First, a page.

Some of you will know, that I have been battling skin cancer, and at the start of this year, it materialised again. This has meant 2 lots of surgery I have had to go through already this year.
The second lot of surgery has left a sizeable scar, and is taking time to recover, but it got me thinking about scars. The scars we carry! The scars we obtain!
Gaining a scar is a reminder of something painful, and maybe depending upon how long the scar lasts, will have an impact upon the memory of the painful act that we had to go through to get that scar. Many of the people we journey with carry scars, because of a whole host of reasons that life has thrown at them. Maybe you yourself have even recognised as you read this blog that you are carrying scars in your own life, scars that remind of a painful act or encounter in life.
But, as well as the reminding of the painful act, scars are also a prophetic reminder of how we have battled, and got through a particular situation. Scars, can indeed be a painful reminder, but they can also be a prophetic reminder, that we have overcome a situation, it no longer has a hold on our lives, the scar can encourage us that we no longer live in that situation or context.
As we embark upon Lent, which obviously leads to Easter, we will remember the scars that Jesus received, as he was nailed to the cross, without any doubt it would have been a painful time for him, but the interesting thing maybe, challenging thing is that when Jesus rose from the dead, he still held those scars, he even encouraged one of the disciples to put their hand into the scar, to prove he was still carrying them. The scars he carried, were a reminder that he overcame, he did not remain dead, but he came back to life.
It would also have been a prophetic sign for Jesus to carry those scars, as it would have shown how he took the weight of all that stopped us from having a relationship with the Father, but yet, he broke all those barriers, and enabled all who recognised him, to come and have that life-changing relationship with the Father in Heaven.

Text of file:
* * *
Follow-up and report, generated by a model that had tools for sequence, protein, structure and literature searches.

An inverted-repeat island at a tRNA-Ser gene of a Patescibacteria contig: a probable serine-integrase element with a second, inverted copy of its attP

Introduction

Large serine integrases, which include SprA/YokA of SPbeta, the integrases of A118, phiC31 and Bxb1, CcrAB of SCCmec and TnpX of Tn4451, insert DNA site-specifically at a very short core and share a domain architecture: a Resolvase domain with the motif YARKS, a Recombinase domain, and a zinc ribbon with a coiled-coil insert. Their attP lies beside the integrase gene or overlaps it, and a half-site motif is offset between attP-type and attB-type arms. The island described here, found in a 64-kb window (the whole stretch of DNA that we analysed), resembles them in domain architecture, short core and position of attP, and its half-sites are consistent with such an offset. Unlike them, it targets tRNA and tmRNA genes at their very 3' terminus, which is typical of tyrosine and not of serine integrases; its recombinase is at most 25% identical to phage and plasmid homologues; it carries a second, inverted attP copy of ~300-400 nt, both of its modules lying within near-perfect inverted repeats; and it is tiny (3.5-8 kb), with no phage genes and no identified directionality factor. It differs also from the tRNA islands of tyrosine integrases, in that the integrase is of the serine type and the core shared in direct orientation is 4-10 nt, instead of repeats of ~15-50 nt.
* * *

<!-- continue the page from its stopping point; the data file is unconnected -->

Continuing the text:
For Jesus, undoubtedly scars were painful, but they also showed how the situation no longer had a hold on him, or even on us, who he died for. Those scars are saying that we were worth it, and a reminder that barriers have been broken, relationship is open to all who wish to receive it, and Jesus himself saying that we are worth it, and how he took those scars so we don’t have too.
A powerful thought, that someone else would carry scars on our behalf, saying we don’t have to carry them, or have them. Jesus saying that he understands that life will scar us, but the invitation is always open, we can always come to him, and he has the scars, so we can give things to him, and he has taken those things from us. It isn’t always easy, or straight forward, but yet, still a powerful thought that Jesus would take the scars for us.
So, the slowly healing scar on my wrist, a painful reminder of surgery, but also a reminder of how I am battling and winning the battle against skin cancer. Not an easy battle, but I do have to keep reminding myself that I am winning that battle, and the scars help me remember that.
Some thoughts for us to think through as we start into lent:
1: are there scars that maybe we need to give to Jesus?
2: what scars are there that remind us we have overcome situations and painful experiences?
3: how does it feel for us to know that Jesus kept his scars, carried them, to remind us of what he did for us, and how he says we were and still remain worth it?
Gloucester Centre of Mission